The Pave Hawk had gone down 90 miles (145 kilometers) south of Montauk Point, in 100-knot (185 kilometers per hour) winds and 80-foot (130 meter) waves. After five hours in the water, four airmen were rescued by USCGC Tamaroa (WMEC-166), a 48-year-old former U.S. Navy fleet tug, operated by the Coast Guard since the end of World War II as a medium endurance cutter.
The search for Rick Smith continued for a week. He was never found.
The U.S. Air Force HH-60H Pave Hawk is medium-sized twin-engine combat search-and-rescue (CSAR) helicopter, developed from the Army UH-60A Blackhawk transport. These helicopters were upgraded with an extendable probe for air-to-air refueling and additional fuel tanks in the cabin and given the project name Credible Hawk. These were further upgraded to the MH-60G Pave Hawk standard, which incorporated a system of inertial navigation, GPS and Doppler radar for precision navigation. Low-light television, forward-looking infrared cameras and night vision systems allowed the MH-60G to operate at night and very low altitude. The Pave Hawk is equipped with an Automatic Flight Control System (AFCS), a very sophisticated autopilot which incorporates automatic hover capability. Some of the MH-60G Pave Hawks received further upgrades for the special operations mission. Helicopters dedicated to CSAR were redesignated HH-60G. A rescue hoist capable of lifting 600 pounds ( kilograms) from a 200-foot ( meter) hover is incorporated on the upper right side.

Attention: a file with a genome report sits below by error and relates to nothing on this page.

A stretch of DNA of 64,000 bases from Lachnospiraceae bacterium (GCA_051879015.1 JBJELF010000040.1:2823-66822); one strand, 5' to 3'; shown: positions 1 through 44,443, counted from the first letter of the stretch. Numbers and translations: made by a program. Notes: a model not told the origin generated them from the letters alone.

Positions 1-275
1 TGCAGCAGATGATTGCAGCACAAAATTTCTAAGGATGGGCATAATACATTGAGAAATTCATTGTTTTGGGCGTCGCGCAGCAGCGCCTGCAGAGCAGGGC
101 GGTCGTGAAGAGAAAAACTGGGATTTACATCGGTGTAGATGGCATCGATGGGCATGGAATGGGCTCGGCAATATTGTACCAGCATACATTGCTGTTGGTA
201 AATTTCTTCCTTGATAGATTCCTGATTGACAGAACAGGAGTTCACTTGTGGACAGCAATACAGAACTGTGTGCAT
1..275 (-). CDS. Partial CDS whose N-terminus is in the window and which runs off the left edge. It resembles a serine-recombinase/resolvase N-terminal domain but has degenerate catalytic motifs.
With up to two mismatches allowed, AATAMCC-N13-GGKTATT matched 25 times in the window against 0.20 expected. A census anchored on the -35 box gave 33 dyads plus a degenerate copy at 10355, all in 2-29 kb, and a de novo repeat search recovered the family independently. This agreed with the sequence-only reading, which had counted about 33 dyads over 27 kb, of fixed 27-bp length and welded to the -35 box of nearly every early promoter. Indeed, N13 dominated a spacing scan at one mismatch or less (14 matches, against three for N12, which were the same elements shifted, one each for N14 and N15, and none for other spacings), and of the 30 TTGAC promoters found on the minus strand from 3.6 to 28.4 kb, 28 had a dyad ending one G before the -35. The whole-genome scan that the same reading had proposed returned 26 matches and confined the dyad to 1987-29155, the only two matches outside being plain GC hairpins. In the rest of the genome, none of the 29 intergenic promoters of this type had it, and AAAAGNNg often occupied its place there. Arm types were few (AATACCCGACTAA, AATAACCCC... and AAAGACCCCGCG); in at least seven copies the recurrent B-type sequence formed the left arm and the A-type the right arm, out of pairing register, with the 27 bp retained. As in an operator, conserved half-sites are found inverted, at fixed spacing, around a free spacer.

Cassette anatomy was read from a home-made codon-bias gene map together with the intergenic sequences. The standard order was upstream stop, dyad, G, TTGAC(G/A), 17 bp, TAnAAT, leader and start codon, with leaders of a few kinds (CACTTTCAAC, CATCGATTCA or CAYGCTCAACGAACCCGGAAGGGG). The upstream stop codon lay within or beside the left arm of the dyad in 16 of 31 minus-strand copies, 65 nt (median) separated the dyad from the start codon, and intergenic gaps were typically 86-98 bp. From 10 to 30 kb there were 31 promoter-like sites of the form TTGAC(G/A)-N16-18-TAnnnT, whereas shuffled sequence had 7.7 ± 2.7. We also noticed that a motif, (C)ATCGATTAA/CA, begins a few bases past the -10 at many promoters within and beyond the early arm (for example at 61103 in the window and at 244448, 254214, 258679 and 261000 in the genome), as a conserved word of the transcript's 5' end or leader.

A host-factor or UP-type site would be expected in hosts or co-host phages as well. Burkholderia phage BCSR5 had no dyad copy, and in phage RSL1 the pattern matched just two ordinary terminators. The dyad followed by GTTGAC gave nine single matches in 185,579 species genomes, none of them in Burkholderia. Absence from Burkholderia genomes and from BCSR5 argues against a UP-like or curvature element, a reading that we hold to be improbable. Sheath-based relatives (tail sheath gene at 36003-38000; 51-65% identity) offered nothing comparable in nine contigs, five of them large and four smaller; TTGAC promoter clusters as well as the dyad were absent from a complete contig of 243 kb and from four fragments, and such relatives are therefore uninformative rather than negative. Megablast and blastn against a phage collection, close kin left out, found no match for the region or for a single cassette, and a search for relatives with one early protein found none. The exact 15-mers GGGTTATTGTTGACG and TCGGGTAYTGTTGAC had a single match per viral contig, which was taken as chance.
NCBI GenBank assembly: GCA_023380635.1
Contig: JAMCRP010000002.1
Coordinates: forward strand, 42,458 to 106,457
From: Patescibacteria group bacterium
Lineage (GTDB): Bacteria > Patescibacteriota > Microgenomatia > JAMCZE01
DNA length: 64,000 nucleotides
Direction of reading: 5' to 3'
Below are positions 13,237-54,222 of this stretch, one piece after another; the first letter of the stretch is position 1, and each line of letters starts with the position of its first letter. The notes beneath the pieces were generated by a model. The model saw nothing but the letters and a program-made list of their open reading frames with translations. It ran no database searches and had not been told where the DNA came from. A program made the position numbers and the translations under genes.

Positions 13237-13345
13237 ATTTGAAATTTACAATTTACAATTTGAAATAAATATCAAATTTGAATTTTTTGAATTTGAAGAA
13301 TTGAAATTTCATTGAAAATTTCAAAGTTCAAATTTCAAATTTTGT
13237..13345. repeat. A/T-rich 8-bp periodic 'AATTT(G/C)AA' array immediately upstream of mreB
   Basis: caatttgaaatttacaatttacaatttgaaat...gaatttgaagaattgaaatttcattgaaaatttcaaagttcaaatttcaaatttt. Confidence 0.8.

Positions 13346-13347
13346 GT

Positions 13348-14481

The HH-60G is operated by a crew of two pilots, a flight engineer and gunner. For rescue operations, pararescue jumpers, the famous PJs, are added to the crew. The helicopter is 64 feet, 10 inches (19.76 meters) long and has a rotor diameter of 53 feet, 8 inches (16.36 meters). The helicopter has a overall height of 16 feet, 8 inches (5.01 meters). The empty weight is approximately 16,000 pounds 7,260 kilograms), depending on equipment installations of individual aircraft. The maximum takeoff weight is 22,000 pounds (9,900 kilograms).
The helicopter is powered by two General Electric T-700-GE-700 turboshaft engines mounted on top of the fuselage on either side of the transmission and main rotor mast. These engines are rated at 1,630 shaft horsepower, each.